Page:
President Donald Trump, meanwhile, will remain in Washington for the weekend, with no public events scheduled.
This has become a bit of a pattern in the Trump White House.
Last weekend, the President visited Trump National Golf Club in Virginia two days in a row while Pence discussed small business in West Virginia on Saturday and addressed the American Israel Public Affairs Committee on Sunday. Linda McMahon, head of Trump's Small Business Administration, joined the vice president last Saturday.
The President held meetings at the golf course, the White House said
, declining to say with whom.
On Saturday, Pence stuck closely to the same message he had the weekend before, selling the "jobs jobs jobs" agenda of the President and touting an announcement
by Ford Motor Co. earlier this week that the company will invest $1.2 billion in three Michigan facilities.
Pence also told the crowd that on the GOP effort to repeal and replace Obamacare, it "ain't over yet."
The vice president once again lauded the nomination of Judge Neil Gorsuch for the Supreme Court as Republicans rally to secure support in the Senate before his confirmation vote next week.
Two weekends ago, Pence was in Jacksonville, Florida, selling the now-defunct GOP health care proposal with the pitch that the Obamacare replacement would allow states to impose a work requirement for able-bodied Medicaid recipients.
Meanwhile, Trump golfed in Palm Beach.
Pence also took a trip March 11 to sell the administration's plans, visiting Louisville, Kentucky, while Trump remained at the White House.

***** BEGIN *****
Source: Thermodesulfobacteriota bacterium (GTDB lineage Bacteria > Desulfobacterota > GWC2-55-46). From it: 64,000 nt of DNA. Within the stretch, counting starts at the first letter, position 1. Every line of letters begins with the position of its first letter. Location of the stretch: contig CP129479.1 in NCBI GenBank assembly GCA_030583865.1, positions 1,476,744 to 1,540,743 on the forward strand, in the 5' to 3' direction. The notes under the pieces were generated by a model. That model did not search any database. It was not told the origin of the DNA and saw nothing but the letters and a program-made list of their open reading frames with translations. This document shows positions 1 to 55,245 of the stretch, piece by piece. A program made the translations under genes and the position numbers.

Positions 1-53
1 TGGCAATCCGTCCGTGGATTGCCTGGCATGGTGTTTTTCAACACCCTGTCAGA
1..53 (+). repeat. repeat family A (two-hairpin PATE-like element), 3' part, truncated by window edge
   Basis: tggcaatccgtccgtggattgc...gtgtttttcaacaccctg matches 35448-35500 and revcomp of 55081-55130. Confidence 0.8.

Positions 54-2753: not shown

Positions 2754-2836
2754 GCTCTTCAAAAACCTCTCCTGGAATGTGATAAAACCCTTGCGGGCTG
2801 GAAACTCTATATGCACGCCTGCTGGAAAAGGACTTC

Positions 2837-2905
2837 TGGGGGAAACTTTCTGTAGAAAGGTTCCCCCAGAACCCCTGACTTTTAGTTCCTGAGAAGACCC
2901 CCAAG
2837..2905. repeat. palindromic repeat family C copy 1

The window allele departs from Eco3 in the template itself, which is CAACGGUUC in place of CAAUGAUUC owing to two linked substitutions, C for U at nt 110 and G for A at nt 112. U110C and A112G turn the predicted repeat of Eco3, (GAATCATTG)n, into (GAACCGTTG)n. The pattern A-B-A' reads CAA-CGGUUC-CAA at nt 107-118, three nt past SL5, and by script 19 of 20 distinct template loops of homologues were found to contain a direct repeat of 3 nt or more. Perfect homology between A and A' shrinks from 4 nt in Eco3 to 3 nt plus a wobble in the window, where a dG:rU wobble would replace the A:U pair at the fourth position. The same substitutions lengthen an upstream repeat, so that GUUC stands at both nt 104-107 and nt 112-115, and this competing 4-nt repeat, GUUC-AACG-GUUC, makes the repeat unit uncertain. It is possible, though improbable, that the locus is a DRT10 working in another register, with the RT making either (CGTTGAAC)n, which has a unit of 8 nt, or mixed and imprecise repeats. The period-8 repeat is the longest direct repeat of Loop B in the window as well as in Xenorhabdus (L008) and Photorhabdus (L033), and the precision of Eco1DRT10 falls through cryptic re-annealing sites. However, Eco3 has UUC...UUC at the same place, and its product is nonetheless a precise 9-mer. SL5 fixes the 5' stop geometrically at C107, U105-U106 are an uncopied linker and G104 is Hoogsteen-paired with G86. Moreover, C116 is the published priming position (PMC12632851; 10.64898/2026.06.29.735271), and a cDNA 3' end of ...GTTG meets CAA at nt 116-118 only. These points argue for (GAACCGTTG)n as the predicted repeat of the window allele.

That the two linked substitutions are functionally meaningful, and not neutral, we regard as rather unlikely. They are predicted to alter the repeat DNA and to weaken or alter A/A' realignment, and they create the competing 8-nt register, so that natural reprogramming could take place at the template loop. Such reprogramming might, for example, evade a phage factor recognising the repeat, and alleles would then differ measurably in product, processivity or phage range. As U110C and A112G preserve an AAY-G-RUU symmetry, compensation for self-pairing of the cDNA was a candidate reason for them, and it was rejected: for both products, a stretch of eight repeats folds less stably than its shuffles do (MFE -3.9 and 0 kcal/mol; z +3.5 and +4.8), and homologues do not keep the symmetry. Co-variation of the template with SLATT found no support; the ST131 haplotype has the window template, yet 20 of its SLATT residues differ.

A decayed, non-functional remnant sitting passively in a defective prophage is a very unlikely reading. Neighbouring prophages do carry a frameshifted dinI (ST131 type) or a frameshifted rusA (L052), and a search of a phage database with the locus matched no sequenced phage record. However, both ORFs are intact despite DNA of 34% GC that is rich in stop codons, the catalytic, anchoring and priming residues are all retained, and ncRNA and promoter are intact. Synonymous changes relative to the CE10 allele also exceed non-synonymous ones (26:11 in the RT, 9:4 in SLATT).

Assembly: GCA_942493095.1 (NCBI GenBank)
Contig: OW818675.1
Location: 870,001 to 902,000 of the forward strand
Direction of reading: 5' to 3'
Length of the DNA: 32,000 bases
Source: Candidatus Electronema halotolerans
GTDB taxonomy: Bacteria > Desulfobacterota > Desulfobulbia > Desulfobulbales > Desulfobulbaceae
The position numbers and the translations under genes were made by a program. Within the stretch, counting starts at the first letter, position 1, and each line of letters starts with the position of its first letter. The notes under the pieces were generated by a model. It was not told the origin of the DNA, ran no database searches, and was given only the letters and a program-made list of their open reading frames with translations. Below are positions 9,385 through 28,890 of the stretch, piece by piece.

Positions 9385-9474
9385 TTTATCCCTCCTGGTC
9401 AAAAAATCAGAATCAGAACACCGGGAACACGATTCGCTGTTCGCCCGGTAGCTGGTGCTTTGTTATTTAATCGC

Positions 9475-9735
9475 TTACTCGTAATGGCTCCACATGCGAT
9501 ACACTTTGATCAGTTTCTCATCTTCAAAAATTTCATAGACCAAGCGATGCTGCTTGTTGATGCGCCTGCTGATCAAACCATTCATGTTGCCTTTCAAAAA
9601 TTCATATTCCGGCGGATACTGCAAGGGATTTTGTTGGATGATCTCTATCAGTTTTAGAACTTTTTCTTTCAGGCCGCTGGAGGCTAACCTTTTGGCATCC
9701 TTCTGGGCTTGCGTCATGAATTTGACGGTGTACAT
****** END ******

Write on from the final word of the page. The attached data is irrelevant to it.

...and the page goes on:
Lindsay Walters, a White House spokeswoman, said that the President and vice president are a team and pointed to a February rally
the President held in Florida and his hosting of Japanese Prime Minister Shinzo Abe in Mar-a-Lago, also that month.
"The President is constantly working -- holding meetings and having calls even when there are no public events on the schedule," Walters told CNN.
The President also gave two speeches at a pair of recent events paid for by his campaign
, in Nashville, Tennessee, and Louisville, Kentucky.
Pence is the consummate "foot soldier" for the President, a person close to the vice president told CNN. Pence and his team knew they were signing up for the No. 2 slot when they joined the ticket, well aware of the work that would be in their job descriptions, the source added.
After the health care bill imploded last week, the former Indiana governor and congressman was "frustrated" and "disappointed," but he's focusing on the administration's pivot to other items on its agenda this week, the source said.
"The vice president is focused on jobs, regulations and tax reform now," Pence spokesman Marc Lotter said, adding that the vice president is "continuing to work on the President's agenda."
Pence speaks glowingly of his boss, praising the President's work so far in the White House. Sitting around a U-shaped table in West Virginia, Pence said: "I truly believe that President Trump is the best friend that small businesses will ever have."